18-year-old Mackenzie McDonald Makes an Impression at Cincinnati Masters

Mackenzie McDonald (By Christopher Levy for Tennis Grandstand)

Mackenzie McDonald (By Christopher Levy for Tennis Grandstand)

MASON, Ohio – American teenager Mackenzie McDonald has made history this week by being the youngest unranked teen to qualify for a Masters event. But he may not be here to stay for long.

Eighteen-year-old McDonald has played just six official ITF or ATP tennis matches in his life. He lost to Alex Kuznetzov in the first round of a futures tournament when he was 14. He won one qualifying match at the Sacramento Challenger last year but failed to qualify for the main draw. And, before this past weekend, he had never earned an ATP ranking point in his life.

He wanted to play the Kalamazoo junior tournament last week because the winner gets a wild card into the US Open, but he lost in the first round. However, he was granted an opportunity by way of a qualifying wild card for Cincinnati. He took full advantage of it and won two straight matches, coming back from a set down in each.

McDonald will now debut in the top 800 next week. He does not plan on taking his chance and playing professional tennis full time. He wants to go to UCLA and play tennis there. From what I saw when I watched him today, he needs the time. College tennis is a great place to build skills and gain experience so that players can compete when they graduate. More important for McDonald, though, it will give him a chance to grow into his skills.

McDonald really impressed me in his match today, even if the final scoreline was very one-sided. He was not overawed by the occasion, even though the 500+ fans in Grandstand Stadium were probably the biggest crowd he has ever played in front of. His groundstrokes were solid off both wings and his movement was impeccable, which allowed him to stay with Goffin in a lot of rallies.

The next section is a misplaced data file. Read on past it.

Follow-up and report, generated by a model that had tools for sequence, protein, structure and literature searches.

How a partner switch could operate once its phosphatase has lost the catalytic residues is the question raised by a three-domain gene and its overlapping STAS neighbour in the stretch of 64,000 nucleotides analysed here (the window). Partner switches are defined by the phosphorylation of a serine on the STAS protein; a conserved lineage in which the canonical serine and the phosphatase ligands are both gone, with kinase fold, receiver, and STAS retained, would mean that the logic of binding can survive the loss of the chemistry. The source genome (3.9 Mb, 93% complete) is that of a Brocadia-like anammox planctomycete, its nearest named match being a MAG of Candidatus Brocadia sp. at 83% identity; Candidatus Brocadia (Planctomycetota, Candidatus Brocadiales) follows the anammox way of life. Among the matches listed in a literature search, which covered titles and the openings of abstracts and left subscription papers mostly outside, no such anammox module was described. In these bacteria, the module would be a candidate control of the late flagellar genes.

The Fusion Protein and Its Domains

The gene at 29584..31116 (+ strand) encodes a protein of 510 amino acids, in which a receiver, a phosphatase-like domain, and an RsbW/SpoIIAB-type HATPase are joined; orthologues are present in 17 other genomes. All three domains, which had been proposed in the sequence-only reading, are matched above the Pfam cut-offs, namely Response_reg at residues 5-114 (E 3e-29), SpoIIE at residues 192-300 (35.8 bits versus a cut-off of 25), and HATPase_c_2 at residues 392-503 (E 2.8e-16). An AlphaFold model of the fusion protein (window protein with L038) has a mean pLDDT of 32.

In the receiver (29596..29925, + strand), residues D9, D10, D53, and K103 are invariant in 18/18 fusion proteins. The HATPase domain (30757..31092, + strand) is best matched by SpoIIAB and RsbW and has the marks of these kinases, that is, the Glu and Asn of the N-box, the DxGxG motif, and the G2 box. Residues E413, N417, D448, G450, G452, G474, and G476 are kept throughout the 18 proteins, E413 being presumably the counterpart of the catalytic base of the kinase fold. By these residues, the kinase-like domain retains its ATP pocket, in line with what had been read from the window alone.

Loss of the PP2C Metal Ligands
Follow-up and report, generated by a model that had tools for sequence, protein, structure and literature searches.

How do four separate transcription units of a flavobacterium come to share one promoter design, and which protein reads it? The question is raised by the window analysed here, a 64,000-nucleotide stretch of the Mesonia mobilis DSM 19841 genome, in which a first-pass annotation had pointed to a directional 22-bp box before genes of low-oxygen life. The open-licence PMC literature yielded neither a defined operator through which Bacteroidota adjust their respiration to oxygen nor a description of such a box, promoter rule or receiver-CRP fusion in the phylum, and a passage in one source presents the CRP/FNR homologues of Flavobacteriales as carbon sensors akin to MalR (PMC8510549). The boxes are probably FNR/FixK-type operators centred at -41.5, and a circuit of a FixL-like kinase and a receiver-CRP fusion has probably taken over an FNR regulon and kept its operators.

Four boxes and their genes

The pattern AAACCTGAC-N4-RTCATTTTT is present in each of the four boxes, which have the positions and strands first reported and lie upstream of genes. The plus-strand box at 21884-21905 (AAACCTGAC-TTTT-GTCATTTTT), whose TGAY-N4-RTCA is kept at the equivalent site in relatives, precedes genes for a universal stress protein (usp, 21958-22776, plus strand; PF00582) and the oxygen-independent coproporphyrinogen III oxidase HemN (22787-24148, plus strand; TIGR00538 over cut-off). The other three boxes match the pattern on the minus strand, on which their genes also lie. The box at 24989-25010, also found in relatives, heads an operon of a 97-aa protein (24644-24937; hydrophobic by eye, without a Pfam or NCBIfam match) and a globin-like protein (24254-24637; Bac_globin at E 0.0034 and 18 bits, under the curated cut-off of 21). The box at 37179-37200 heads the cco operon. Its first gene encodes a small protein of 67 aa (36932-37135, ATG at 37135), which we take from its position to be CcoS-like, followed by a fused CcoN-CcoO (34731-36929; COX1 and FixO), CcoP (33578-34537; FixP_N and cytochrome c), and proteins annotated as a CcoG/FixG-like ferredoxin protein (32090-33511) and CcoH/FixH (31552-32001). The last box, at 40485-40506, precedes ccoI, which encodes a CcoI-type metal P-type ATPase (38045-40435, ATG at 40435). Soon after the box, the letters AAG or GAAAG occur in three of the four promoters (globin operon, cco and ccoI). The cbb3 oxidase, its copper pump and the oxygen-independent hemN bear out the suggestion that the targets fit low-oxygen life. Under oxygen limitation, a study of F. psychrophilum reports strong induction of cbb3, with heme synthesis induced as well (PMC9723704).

McDonald’s problem is that he just does not have enough power. He had no way to finish points against Goffin. Many of his first erves were under 100 mph and far too many couldn’t even reach 90. He did a great job of moving Goffin around the court and hitting towards the corners; he just couldn’t hit the ball hard enough to end the points. He realized this and started utilizing the serve-and-volley in the second set, with a decent amount of success. He gave up a little towards the end, but his ability to compete and adapt was more than impressive, especially for someone with his very limited experience.

McDonald realized this and, when asked what he needs to do to be able to compete with players like Goffin, he said, “I think a lot of it has to do with physical. I think I can get a lot stronger; I can gain a lot more weight.” McDonald is very right and it is a good portent for his future that he knows what he needs to do to get better.

Since McDonald needs to retain his amateur status because he wants to play college tennis, NCAA rules prohibit him from taking his prize money at this tournament. However, because he is not actually in college yet, McDonald can keep up to $10,000 in prize money annually. A first-round loss in Cincinnati is worth $10,830

McDonald said he has been given a Wild Card into the US Open qualifiers and that he will play there. It’s another great chance for him to gain experience and some points. But, unless he wants to forego playing at UCLA, he cannot collect any more prize money. College tennis is exactly what a player like Mackenzie McDonald needs. He has all the tools; he just needs a few years to sharpen them and to grow into a stronger tennis player. He shouldn’t try jumping too high too soon. If he takes his time, develops his strength, and works on his game even more, he can be very dangerous on tour in a few years’ time.